It appears that the Legislature, Governor and Mayor have agreed to a deal to let the so-called Cleveland Plan move through the legislature next month, hamstringing the Mayor's efforts to pass a property tax levy that would pay for the plan. The details will be announced at a 3 p.m. news conference today.
As I have said before, Ohio's legislature has cut funding to Cleveland by about 15% relative to inflation since 2000 -- an amount that can't be explained by a reduction in students. In addition, because of how Ohio funds its Charter Schools, Cleveland gets $3 million a year less per pupil because Charter Schools remove so much state money from the district. Charter School children are the only kids in the state that get full state funding. All other children have their funding shared between state and local revenue (all kids get some federal money too).
It appears that the plan will allow Charter Schools to also collect local revenue. This is an incredibly dangerous provision for the future of the state's public schools. That's because the state will not reduce the amount the Charters get from the state to account for the additional funding stream this plan will generate.
Remember, we were told for years that the reason Charter Schools got more than twice as much per pupil state revenue as traditional schools is because they couldn't raise local revenue. Now that they will be able to (I know the language only allows this sharing in Clevleand, but does anyone really doubt that this won't be a central component of Gov. Kasich's education plan introduced next year?), the state will still allow them to collect the larger state amount PLUS local revenue. Any pretense that Charters are cheaper for taxpayers than traditional schools is officially out the window.
They'll be getting $7,109 per pupil from the state (traditionals get $3,390) PLUS local revenue PLUS federal revenue PLUS not having to adhere to about 200 regulations the traditional schools have to PLUS no busing. Again, only 23 of the 300+ Charters in this state would rank in the to 1/2 of all school districts on the state's Performance Index Score. And, according to Ohio Department of Education data, ALL school districts lose money and kids to charters now.
The Cleveland Plan has great hope within it. Universal Pre-School for all 3 and 4 year olds. Early Childhood Academies to reinforce the most important developmental years in kids' lives. More innovative school designs.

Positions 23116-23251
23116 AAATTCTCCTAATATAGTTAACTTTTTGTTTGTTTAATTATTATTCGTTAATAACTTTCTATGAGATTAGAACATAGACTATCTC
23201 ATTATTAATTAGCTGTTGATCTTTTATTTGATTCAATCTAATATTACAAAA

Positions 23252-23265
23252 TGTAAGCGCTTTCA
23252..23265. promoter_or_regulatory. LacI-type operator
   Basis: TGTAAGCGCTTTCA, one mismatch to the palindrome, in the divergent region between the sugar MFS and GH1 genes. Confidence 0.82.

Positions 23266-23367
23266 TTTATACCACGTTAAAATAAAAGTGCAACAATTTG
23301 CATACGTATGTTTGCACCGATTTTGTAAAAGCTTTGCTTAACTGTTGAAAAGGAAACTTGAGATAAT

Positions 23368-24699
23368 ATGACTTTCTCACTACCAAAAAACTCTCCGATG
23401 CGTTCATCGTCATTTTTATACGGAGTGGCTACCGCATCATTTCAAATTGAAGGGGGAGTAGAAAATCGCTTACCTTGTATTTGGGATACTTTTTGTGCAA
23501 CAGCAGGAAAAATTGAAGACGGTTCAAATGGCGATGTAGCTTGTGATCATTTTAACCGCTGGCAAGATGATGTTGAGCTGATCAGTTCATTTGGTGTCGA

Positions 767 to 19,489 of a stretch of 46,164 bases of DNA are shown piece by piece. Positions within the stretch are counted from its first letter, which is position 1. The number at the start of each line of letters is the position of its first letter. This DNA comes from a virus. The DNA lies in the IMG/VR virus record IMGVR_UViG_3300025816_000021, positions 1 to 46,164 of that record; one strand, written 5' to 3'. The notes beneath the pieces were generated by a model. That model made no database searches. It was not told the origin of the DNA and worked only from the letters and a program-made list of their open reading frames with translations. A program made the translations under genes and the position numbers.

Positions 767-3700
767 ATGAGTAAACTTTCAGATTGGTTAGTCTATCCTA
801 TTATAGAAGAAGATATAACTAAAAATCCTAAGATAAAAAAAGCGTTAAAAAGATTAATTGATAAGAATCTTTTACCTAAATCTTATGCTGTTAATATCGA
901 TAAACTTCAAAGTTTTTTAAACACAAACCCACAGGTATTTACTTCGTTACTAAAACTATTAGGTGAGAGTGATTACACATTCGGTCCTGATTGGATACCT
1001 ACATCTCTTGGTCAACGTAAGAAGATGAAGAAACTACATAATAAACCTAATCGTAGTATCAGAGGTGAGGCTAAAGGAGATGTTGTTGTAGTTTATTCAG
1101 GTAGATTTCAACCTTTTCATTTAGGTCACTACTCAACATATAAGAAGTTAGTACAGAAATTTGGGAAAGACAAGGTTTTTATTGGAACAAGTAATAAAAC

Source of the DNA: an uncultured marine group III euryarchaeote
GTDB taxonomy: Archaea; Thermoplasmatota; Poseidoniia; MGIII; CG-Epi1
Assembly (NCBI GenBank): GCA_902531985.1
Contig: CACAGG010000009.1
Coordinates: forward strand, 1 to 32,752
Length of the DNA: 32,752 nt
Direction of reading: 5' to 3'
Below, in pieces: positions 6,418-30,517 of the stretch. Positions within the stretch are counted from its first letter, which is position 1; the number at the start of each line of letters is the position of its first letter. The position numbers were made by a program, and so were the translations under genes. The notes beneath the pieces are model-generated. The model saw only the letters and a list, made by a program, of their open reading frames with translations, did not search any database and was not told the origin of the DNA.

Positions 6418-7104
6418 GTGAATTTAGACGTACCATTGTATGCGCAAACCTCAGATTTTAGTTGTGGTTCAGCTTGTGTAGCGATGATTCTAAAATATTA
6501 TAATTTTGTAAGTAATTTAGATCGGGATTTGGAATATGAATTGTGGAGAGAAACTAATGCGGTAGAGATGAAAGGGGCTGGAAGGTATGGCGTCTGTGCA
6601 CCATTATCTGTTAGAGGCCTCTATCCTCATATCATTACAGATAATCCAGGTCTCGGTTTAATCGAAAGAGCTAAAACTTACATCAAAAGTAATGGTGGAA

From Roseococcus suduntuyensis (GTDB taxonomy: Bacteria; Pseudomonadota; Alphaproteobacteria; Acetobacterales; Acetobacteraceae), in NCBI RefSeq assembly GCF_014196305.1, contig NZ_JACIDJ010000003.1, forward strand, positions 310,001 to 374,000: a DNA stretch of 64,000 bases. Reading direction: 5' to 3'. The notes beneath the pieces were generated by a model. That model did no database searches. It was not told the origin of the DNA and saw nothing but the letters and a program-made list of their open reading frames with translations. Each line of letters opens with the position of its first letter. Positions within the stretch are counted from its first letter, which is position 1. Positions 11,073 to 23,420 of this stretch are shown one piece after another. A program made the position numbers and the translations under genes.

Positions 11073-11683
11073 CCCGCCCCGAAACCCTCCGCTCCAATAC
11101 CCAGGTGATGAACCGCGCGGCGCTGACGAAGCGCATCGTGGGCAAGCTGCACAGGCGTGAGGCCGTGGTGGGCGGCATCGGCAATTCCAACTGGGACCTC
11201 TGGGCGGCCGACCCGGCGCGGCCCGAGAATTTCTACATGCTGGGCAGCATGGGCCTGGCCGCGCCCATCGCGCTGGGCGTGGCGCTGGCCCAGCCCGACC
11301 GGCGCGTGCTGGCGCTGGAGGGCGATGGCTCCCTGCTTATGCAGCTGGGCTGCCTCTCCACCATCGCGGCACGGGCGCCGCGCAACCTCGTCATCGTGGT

However, if the district fails to pass a levy in November (and even if it does), the likelihood of ANY of these provisions actually taking place is so small as to border on Fantasy Land.
I have to say that I am extremely concerned that these promises that have peer-reviewed evidence behind them demonstrating they will actually work will never happen. If they don't, then all the Cleveland Plan did was force extreme concessions by the Cleveland Teachers Union to accommodate an impossible fiscal structure created by state leaders and policies. Those concessions have very little peer-reviewed research behind them suggesting they will improve student outcomes.
I feel for Mayor Jackson. As someone who's had to deal with major education reform during tough economic times, I know exactly what he's going through -- one of few in the state who can.
However, it was the state, not Cleveland Municipal Schools, that put Jackson in this position. If Gov. Kasich believes in this plan as much as he says he does (he will attend today's 3 p.m. news conference), he should put his money where his mouth is and pay for it. My piece of advice to Jackson? turn to Kasich during the news conference and demand he restore all the money he cut to Cleveland in the last budget. There's a state budget surplus, so he could do that.
For that is the only way, I fear, that the children of Cleveland will receive ANY benefit from this plan.